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Planning rules relaxed ‘to avoid owners selling homes’

Homeowners will be able to extend properties more easily instead of moving home.

In a surprise announcement this morning - less than 24 hours after the Prime Minister resigned - the housing minister says this relaxation will allow more people to have a home they want without what he calls the “arduous” process of selling up and buying a larger property.

If the initiative is taken up by the public in large numbers it will reduce still further the volume of housing transactions each year, reducing business for agents and industry suppliers.


The measure is not new in principle: it was first introduced in 2013 but as a temporary scheme and with relatively limited publicity. 

Now it is being made permanent with a higher profile announcement.

Under the rules, homeowners can put a single-storey rear extension on their property of up to six metres for terraced or semi-detached homes, or eight metres for detached homes.

Over 110,000 extensions have been completed since 2014 under the previously temporary rules. 

Housing Minister Kit Malthouse MP says of this latest permitted development power: “[It] will help families extend their properties without battling through time-consuming red tape. By making this permitted development right permanent, it will mean families can grow without being forced to move.

“This is part of a package of reforms to build more, better, faster and make the housing market work - and sits alongside our drive to deliver 300,000 homes a year by the mid 2020s.

“This step will make it easier for families to build outwards rather than go through the arduous process of moving to a larger home.”

As part of the reforms shops will now be able to change to office space without the need for a full planning application - a change which the government claims will bring “skilled professionals and their disposable income back to the high street.”

High Streets minister Jake Berry says: “Giving greater certainty to property owners and the wider industry, it will also help businesses adjust to the changing needs of the consumer.

“The move builds upon changes to the law which allow business owners to change the use of buildings from takeaways to new homes without undergoing a full planning application.”

  • Simon Shinerock

    I see nothing wrong in allowing people to extend their homes with minimal red tape. However, what I don’t understand or agree with is the idea that moving has to be a negative experience. Moving home can be and should be aspirational and it encourages mobility of labour and injects vigour and energy into the economy. The current stamp duty levels penalise aspiration and create a gummed up market. The winners are big builders who capitalise on the lack of second hand stock and the lack of choice tempts them into bad practises. What the government should do is bring stamp duty rates back down to a maximum of 5%, give tax relief back to private landlords and find a way to make mortgages and conveyancing work faster.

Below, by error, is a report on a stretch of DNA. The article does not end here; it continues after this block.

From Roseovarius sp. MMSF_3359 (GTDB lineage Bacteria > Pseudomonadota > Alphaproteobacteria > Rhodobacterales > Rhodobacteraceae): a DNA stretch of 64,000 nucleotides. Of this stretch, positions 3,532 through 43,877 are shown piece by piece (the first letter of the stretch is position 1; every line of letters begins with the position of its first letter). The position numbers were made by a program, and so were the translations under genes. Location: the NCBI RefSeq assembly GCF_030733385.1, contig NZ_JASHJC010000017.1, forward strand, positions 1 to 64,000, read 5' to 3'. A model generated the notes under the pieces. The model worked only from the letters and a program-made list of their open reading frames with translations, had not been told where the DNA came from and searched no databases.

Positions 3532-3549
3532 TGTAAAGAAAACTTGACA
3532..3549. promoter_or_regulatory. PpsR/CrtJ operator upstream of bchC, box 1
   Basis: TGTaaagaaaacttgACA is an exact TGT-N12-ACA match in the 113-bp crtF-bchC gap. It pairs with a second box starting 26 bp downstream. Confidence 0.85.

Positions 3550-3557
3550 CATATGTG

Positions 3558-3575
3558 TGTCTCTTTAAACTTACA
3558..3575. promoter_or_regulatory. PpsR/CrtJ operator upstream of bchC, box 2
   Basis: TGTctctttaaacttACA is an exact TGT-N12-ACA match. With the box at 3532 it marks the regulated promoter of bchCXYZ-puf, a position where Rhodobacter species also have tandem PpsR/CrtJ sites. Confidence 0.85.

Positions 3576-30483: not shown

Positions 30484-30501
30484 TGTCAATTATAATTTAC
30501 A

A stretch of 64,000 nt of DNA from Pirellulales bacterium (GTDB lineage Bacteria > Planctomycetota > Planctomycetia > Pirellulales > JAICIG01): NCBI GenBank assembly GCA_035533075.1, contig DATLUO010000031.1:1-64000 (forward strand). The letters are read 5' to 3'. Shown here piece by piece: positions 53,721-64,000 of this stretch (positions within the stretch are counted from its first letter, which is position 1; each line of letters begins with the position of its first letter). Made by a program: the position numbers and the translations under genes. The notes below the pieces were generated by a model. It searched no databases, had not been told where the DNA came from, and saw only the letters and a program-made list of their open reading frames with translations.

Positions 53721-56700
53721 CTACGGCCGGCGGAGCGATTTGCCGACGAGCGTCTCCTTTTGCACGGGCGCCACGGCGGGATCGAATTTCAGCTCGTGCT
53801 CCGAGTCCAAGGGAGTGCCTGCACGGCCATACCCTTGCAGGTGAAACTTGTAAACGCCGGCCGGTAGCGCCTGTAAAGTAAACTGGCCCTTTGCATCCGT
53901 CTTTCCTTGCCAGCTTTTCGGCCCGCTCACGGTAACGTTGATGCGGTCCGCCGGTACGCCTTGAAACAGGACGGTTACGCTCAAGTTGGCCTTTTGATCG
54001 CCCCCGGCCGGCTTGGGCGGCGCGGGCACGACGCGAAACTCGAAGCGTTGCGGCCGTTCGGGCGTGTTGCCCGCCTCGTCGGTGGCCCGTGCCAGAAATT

You have hit the nail on the head Simon. The winners being big builders with influential friends.

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    No remove Stamp Duty totally, it was introduced in Cromwells time. Tax on tax on tax and so on. We are mugs for allowing every government to continue with it. So wrong.

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    • 25 May 2019 08:10 AM

    Yep abolishing SDLT would transform the economy.
    Many more would simply move.
    This would boost economic activity for all those engaged in anything to do with property.
    All this would be taxed activity such that the taxes raised could exceed SDLT receipts which are in decline due to the prohibitive cost of SDLT.
    Govt just needs to think out of the box.

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    Totally agree, maybe boris and his new crew will start thinking outside the box,,christ was that a flying pink pig?

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    and start listening to people actually in the industry - who know a bit about it!!

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    Whilst I don’t like paying it, I’m not convinced that SDLT actually stops most people moving. Just a thought. Keep the great work/posts guys. PS..however it would be great to see it removed

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    Its just been proved that the loss of sd to the government runs in millions but they dont include other fees lost, solicitors, estate agents, maintenance men, builders the list is not endless.
    We dont need SD its wrong its immoral and its corrupt.
    Remove it totally and money will start circulating and everybody wins clueless governments as well.

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    All sounds great but we’re missing the bigger Picture - let’s make the moving process similar. Let’s have a property log book and leave the conveyancer to concentrate on the legal work rather than worry about the boiler and electrics for example. Let’s do away with stamp duty all together and have a stronger primary home capital gains tax

    Stuart Forsdike
    PCS Legal


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